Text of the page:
The Scoop on “V-Flats”

Since people have seen me use them on D-Town TV, and in my Kelby Training Classes, I get a lot of questions about where to buy studio V-flats (4’x8′ tall reflectors boards, that are white on one side and black on the other—like the ones shown above), so last week I asked my followers on Twitter and Facebook some help in finding a single resource for buying V-Flats (to create the “V” you take two of these boards–and put a thick piece of gaffer’s tape between them top to bottom so they form a “V.” Then you can use them as reflectors, or fire strobes into them for a large fill, or use them as flags—the list goes on and on. Incredibly handy.

We have two sets that we use in the studio, and most rental studios have them as well, but finding them locally is sometimes really a challenge, so I asked Brad to do some investigating on his own, and here what we’ve come up with so far.

(1) Your best bet is to check with a local sign shop, as many keep these in stock. They may not recognize the term “V-Flats” (which is a photo studio term), so when you call,  just ask for something like “Gatorboard” or “Mounting Board.”

(2) The right thickness is about 1 inch thick. Anything less, and you’ll find it falling over pretty easily, and it won’t be durable enough to last more than just a few shoots (the popular 3/16 of a inch size is way too thin).

(3) You may possibly be able to find these at a local art supply store, but the problem we’ve always run into is size—they don’t have them at 4 foot wide by 8 foot tall (and you need four of them, to create two complete V-flats). Also, if they do have them, they generally don’t have black on one side, and white on the other, which is ideally what you want.

The Kinda Expensive Alternative
If you can’t find a sign shop or graphic arts store that carries v-flats, then here are some other options:
They’re based in New York, and they have the best price on the real deal: only $45 buck a sheet (so $180 for four, which makes your two flats). I know what you’re thinking. Hey, that doesn’t seem too bad? It isn’t—-if you live in New York and can stop by and pick them up.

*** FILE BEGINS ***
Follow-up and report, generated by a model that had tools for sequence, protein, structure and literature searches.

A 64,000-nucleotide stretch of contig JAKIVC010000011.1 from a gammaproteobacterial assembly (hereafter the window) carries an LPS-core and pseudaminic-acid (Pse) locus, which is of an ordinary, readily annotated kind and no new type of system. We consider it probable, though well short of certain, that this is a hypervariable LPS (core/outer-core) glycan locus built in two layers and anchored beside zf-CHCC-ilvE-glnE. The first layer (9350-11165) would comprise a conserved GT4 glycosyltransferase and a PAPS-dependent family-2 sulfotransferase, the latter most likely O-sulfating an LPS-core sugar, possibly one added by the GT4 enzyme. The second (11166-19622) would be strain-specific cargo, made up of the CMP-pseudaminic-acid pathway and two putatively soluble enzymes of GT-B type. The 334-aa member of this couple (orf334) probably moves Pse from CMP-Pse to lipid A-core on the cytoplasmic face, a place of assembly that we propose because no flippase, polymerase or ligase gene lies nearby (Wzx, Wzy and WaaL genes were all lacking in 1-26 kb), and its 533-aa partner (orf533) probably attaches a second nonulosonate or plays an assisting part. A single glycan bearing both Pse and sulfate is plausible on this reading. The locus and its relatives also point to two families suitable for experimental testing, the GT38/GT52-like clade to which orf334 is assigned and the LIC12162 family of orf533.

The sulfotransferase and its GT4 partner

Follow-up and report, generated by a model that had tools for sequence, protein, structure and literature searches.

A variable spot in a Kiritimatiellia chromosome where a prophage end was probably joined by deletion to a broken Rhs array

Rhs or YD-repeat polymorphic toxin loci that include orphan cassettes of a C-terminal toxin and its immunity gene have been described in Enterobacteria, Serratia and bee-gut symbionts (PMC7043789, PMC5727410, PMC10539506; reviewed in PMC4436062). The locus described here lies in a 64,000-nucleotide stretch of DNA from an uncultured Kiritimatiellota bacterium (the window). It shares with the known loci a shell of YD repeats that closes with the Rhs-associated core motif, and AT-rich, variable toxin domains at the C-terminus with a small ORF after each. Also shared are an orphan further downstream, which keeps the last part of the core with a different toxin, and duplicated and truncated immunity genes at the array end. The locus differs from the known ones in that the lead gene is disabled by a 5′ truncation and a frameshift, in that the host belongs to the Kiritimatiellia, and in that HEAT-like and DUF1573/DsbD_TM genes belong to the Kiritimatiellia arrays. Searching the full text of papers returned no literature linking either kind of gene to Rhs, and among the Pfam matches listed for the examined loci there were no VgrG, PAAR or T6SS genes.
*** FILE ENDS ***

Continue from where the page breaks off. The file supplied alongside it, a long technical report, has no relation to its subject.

Otherwise they have to ship them too you. That changes the math considerably:

> 4 Sheets at $45/sheet ($180)
> Shipping for those sheet ($300 down to Tampa, for example)

That puts you around $480 a set.
> 4 Sheets at $121.96/sheet ($487.84)
> Plus $100 shipping

That puts you at around $600 a set.

Laird Plastics
> 4 Sheets at $90/sheet ($360)
> $90 Freight + $20 delivery from Laird to location

That puts you at around $480 a set.

So, unless you’ve got a local resource for finding V-flats, having them shipped to you (because of their physical size), makes having them expensive, but it’s like I always say: “Who told you being a photographer was going to be a low cost situation?”

Anyway, I hope that helps, and if you’ve found a nationwide (or ideally worldwide) resource you’d like to share (remember; 1-inch thick, black on one side/white on the other, and approx 8 feet tall by 4-feet wide), we’d really love for you to post it as a comment here. :)

That’s it for today. Don’t forget tomorrow is “Guest Blog Wednesday!” :)

  1. I made my own using polystyrene ( I think it’s called Styrofoam in the States) insulation sheets from a builders’ merchant. As Scott says, get the 1inch thick sheets. If needed they can be cut to size using an electric carving knife (and a broom!). You then paint one side black using an emulsion, WATER BASED paint, oil-based will dissolve the sheets. To join two sheets together into a V, I used long hat pins.

    1. I’ve used the same thing Peter. However, instead of painting them I used inexpensive fabric from a local store held in place by pins. I found that the sheets get dinged up pretty easily and the fabric keeps things looking good. I also think the black fabric works better than a painted surface for sucking up light (it’s a felt like material).

    2. Get the pink or blue stuff, it sheds less and is stronger. You can use a water based primer to help the paint stick. A light sanding with 100 grit helps the printer/paint really stick.

  2. Hi Guys and Gals,

    saw this post and I have a very simple cheap answer and it’s pretty much what every single studio I have ever used uses.